Ladies & gentlemen, please fasten your seat belts as you might experience some factful turbulence ahead!
Travel for us is all parts of human emotion combined, it ties into it a sense of wanderlust, a sense of purpose, fear, excitement and happiness among other emotions. A famous saying beholds, “Blessed are those who travel, as they will have adventures.” Whatever your reason to travel might be, booking for the journey and back and the hotel stays is an experience all of us have gone through. That itself brings a ton of emotions on the surface: nervously keeping track of ticket prices so that you book your tickets well in time, anxiety jitters of last minute bookings and booking in tatkal is a bigger challenge like no other! It is no wonder that the industry built around this whole experience is vibrant, ever changing and always primed for disruption. It is this beauty of the experience that spurs all firms on to revolutionize this experience.
The travel booking industry has come a long way. Remember the days, when local travel agents ruled the roost to to the current day where travelers are spoilt for choice for both price and offerings provided by various websites and apps? They range from travel aggregators which combine flight + hotel bookings from different vendors in one place, to specialized aggregators that only allow travelers to book train, bus or other kind of tickets to standalone websites by individual vendors.
PayU is the largest payment gateway firm in India allowing businesses to collect payments online. This has allowed PayU to have a ringside view as the travel industry has evolved in the past few years. With its deep penetration in the sector, PayU has a wealth of insights into how travelers behave when it comes to booking their travel. Below is an attempt to uncover those insights and unravel how India travels. This covers data across major travel aggregators and the most popular standalone vendor websites. PayU accounts for 70% of the travel transactions processed online in India giving the data a diverse richness and accuracy.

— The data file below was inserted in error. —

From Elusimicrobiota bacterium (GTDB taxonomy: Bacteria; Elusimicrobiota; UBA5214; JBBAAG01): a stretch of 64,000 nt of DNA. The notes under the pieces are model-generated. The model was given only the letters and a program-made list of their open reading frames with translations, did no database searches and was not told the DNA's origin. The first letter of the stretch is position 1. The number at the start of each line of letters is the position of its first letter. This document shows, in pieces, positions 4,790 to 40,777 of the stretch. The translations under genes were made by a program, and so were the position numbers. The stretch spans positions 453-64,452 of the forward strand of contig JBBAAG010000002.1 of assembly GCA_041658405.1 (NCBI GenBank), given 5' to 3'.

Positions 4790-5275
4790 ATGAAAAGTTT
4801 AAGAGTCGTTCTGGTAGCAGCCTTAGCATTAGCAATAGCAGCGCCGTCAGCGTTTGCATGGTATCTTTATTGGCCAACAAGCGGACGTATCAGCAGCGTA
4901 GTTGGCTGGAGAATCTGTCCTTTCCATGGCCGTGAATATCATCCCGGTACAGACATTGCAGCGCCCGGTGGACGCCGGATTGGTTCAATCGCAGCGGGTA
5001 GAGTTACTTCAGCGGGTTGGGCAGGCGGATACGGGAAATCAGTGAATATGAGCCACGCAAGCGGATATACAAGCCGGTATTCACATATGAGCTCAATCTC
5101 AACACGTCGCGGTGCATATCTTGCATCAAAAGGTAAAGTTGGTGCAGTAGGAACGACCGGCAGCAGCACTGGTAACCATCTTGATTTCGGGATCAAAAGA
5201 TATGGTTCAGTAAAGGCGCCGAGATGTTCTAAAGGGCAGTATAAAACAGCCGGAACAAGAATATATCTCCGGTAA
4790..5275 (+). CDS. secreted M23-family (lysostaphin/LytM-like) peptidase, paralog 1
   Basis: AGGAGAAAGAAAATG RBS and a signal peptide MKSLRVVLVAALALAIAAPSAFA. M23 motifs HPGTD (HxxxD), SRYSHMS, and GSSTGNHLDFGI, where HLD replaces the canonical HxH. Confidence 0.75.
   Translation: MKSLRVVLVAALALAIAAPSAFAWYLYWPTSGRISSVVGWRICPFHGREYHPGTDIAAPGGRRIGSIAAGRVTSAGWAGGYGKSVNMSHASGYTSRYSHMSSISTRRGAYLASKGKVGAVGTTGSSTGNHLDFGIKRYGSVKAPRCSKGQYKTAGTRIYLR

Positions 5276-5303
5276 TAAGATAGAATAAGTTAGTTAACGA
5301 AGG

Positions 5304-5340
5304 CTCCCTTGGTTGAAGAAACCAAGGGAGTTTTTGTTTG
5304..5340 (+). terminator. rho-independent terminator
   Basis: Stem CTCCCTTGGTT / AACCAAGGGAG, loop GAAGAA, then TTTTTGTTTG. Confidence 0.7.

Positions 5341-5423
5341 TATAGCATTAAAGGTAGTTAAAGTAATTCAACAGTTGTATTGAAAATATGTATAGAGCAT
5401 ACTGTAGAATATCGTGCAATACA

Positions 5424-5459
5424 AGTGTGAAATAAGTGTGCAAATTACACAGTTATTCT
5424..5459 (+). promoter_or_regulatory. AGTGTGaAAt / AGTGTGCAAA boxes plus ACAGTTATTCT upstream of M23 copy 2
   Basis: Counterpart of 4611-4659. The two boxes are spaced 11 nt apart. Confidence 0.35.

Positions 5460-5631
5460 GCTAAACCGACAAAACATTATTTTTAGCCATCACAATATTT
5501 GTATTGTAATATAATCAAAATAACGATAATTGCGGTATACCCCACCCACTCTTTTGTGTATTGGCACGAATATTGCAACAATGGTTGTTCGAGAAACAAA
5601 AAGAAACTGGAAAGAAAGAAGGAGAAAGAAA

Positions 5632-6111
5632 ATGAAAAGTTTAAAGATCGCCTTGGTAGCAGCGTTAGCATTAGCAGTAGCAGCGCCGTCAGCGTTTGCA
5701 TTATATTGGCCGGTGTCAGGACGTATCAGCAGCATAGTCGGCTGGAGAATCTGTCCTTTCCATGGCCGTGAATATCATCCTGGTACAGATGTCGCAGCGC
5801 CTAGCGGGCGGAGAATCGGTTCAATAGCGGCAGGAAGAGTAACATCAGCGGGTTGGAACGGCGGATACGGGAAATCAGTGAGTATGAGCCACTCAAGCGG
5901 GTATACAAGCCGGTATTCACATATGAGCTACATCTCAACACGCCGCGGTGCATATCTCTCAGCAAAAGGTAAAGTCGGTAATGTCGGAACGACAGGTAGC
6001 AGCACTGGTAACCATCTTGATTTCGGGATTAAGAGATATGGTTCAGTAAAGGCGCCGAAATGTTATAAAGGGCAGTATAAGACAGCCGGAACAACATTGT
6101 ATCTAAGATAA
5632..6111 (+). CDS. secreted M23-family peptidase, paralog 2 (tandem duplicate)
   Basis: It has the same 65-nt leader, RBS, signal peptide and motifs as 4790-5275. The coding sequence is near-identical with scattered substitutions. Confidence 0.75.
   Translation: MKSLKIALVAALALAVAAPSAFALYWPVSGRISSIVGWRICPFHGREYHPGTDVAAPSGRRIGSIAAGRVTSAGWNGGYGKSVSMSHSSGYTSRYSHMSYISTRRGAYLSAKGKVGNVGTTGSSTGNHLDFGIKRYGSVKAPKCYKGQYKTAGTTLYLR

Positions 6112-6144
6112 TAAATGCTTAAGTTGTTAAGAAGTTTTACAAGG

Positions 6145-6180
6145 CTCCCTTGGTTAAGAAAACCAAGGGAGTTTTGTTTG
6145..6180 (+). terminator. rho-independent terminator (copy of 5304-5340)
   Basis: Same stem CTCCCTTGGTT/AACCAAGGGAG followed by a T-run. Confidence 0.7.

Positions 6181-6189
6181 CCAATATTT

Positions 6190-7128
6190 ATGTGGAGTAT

The trend in both: ‘amount spent on bookings’ and ‘the number of transactions’, increases as the year progresses. Despite all our planning, it is evident that Indians are last minute planners. Travel bookings spike in the last 2 quarters when, the holiday season picks up with a flurry of festivals such as Diwali, Christmas and the New Year. A stark example is August, for both Airline and non-airline merchants, the bookings are higher because of public holidays (Independence Day, etc) and a couple of festivals are just around the corner. People travelling through flights/airlines are more likely to book ticket on an immediate basis (previous or next day). For non-airline travelers, in case of festivals at least this duration increases to 2 days.
What is also interesting to note that the non-airline bookings rises in the last quarter. The last mile connectivity becomes important as, Indians want to be home (during festivities) which have good road and rail connectivity to major metros. The last 2 quarters also represent the season of long weekends and the frosty weather which results in a spike in travel bookings.
It clears that the first quarter which sees no major holiday, marks the exam season for kids and is the closing quarter of the financial year, sees the least number of travel bookings. Further, the number of bookings peaks up in the year’s second quarter with the rise in professional travel bookings (as the new financial year kicks off for firms). So next time you plan that trip with your buddies to Goa in December or with the family during the summer holidays, make sure to book early to avoid the surge in prices that last minute bookings bring along.
Another really interesting trend to look at is, when do Indian travelers freeze travel plans? Is it during the day or the millennials booking travel at night; which is the dominant and emerging trend. Also when in the week do Indian travelers start planning and booking for travel purposes?
Most of the tickets are booked online by travelers during the day time from 9 am to 6 pm. A concentrated peak appears in a 6 hour zone: 9 am to 3 pm